I inherited my love of reading and writing from my dad.

I often joke that I came out of the womb reading. Not sure I could hold a candle to Dad, though. My mom once commented that he could “read the words right off the newspaper.”

He and I spent every Sunday poring over the newspaper, section by section. From the time we got up until it was time to leave for church, then after lunch until evening church service, between the two of us we read it ALL. I skipped the classifieds; he didn’t. I read the society section, and I’m pretty sure he passed on that.

In other words, literacy — while we didn’t discussed it with that terminology — was very important to us.

Bruce Oakley Just in Time Award
Bruce Oakley honored with Just in Time award. (If only they knew. #LateForHisOwnFuneral)

I married one of those dudes, too. Bruce got a degree in English (mine is in journalism), and he has volunteered for the past few years for the Ozark Foothills Literacy Project. In fact, the organization honored him with its inaugural Just in Time award a few months ago “in recognition of his dedication to logistics and ’saving the day.’ ”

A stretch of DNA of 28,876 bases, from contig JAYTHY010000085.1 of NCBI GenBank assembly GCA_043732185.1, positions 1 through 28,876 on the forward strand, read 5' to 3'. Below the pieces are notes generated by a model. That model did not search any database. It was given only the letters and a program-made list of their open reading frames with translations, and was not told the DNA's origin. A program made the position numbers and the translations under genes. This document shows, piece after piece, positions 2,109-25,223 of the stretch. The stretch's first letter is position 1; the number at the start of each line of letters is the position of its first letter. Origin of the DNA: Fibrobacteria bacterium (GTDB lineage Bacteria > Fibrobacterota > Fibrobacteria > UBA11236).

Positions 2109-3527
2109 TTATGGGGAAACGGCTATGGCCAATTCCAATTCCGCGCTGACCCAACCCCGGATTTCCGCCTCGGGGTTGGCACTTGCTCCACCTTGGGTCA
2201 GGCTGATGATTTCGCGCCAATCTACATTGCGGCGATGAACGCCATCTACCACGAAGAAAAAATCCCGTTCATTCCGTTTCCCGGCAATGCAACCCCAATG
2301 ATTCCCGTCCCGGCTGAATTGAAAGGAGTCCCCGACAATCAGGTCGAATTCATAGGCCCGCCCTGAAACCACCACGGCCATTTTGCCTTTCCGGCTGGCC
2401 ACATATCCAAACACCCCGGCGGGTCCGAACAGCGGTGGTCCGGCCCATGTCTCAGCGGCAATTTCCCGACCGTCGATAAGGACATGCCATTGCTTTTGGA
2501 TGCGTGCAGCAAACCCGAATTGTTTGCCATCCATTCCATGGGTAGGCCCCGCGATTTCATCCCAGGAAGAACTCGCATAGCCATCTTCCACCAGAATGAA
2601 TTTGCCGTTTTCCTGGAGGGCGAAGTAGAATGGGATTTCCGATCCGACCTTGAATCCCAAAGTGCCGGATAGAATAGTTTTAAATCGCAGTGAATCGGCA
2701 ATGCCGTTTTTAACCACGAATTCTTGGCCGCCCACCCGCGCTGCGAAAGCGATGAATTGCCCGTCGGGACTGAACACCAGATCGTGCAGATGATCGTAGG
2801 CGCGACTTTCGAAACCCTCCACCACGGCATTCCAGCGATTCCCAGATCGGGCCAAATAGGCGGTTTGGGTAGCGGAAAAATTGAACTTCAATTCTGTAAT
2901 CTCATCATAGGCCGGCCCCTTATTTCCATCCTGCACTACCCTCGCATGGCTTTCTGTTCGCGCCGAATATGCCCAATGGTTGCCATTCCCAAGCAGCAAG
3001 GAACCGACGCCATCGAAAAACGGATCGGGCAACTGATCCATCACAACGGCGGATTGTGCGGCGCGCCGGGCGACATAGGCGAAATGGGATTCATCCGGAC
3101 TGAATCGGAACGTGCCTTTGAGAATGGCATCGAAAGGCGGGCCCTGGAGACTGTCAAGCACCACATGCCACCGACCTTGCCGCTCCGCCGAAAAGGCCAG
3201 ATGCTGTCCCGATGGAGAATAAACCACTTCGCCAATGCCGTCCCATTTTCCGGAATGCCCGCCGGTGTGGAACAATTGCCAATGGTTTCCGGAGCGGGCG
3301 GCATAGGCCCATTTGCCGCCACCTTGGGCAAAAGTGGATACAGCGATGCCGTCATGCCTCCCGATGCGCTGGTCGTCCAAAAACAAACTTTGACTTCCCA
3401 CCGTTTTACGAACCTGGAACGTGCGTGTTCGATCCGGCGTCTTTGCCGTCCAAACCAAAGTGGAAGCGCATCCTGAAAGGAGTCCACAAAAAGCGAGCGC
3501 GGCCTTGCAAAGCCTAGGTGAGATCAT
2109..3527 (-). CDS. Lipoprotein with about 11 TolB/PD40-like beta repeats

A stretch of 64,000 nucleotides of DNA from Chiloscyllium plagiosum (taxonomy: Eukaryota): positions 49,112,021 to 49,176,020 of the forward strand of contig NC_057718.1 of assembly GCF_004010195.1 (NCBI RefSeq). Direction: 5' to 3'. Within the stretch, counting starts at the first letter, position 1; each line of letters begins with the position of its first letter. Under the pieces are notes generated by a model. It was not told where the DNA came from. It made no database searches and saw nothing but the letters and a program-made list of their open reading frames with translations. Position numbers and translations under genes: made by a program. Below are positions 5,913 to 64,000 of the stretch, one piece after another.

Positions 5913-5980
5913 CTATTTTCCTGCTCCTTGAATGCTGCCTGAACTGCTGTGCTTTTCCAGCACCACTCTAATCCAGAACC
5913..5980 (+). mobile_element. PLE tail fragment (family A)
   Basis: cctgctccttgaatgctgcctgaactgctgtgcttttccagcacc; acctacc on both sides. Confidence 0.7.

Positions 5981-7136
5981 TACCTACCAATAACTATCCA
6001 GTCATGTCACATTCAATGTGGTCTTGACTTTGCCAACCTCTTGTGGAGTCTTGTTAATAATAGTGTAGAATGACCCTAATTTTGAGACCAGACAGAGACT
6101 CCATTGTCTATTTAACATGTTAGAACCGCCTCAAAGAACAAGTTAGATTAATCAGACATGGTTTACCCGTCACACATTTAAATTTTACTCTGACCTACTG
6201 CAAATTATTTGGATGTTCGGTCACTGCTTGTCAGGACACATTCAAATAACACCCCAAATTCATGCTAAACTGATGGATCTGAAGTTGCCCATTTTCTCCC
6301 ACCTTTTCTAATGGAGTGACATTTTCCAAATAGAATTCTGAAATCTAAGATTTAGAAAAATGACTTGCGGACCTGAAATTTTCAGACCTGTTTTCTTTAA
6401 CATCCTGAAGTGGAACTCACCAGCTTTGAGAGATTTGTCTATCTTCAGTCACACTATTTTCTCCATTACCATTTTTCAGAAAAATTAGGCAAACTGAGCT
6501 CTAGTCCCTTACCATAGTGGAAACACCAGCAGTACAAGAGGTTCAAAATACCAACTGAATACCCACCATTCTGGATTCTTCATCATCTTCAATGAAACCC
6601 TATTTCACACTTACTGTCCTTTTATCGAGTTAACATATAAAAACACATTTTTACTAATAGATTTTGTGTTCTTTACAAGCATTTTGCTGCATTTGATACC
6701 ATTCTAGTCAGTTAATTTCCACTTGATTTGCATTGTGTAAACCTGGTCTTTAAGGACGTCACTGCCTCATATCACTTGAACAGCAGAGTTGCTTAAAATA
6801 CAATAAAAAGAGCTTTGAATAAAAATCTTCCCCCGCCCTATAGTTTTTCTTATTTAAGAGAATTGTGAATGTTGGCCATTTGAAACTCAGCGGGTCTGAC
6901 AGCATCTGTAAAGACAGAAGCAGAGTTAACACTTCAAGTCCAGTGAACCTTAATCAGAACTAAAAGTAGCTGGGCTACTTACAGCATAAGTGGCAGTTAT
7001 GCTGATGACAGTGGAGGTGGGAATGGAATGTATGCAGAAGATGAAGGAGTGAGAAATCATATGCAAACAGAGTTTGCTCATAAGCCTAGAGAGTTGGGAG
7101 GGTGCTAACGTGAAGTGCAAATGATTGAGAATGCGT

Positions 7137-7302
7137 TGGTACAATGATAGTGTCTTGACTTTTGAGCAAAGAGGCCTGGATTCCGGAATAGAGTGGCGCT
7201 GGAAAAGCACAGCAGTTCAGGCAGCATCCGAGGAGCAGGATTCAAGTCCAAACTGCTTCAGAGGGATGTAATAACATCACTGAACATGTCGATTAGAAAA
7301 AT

That’s my Brucie.

Yes, literacy is important to us.

So when Bruce let me know this week that the literacy project’s director, Morgan Reed, created a Facebook Fundraiser dedicated to taking donations for the program (in lieu of birthday gifts), we knew we had to donate. Bruce also insisted that I read Morgan’s story. I’m usually the one pestering him to read something that I find meaningful, but this time it was the other way around. I’m glad he didn’t let me off the hook with simply making an online transaction. I read Morgan’s story and immediately asked if I could publish it on two of my blogs.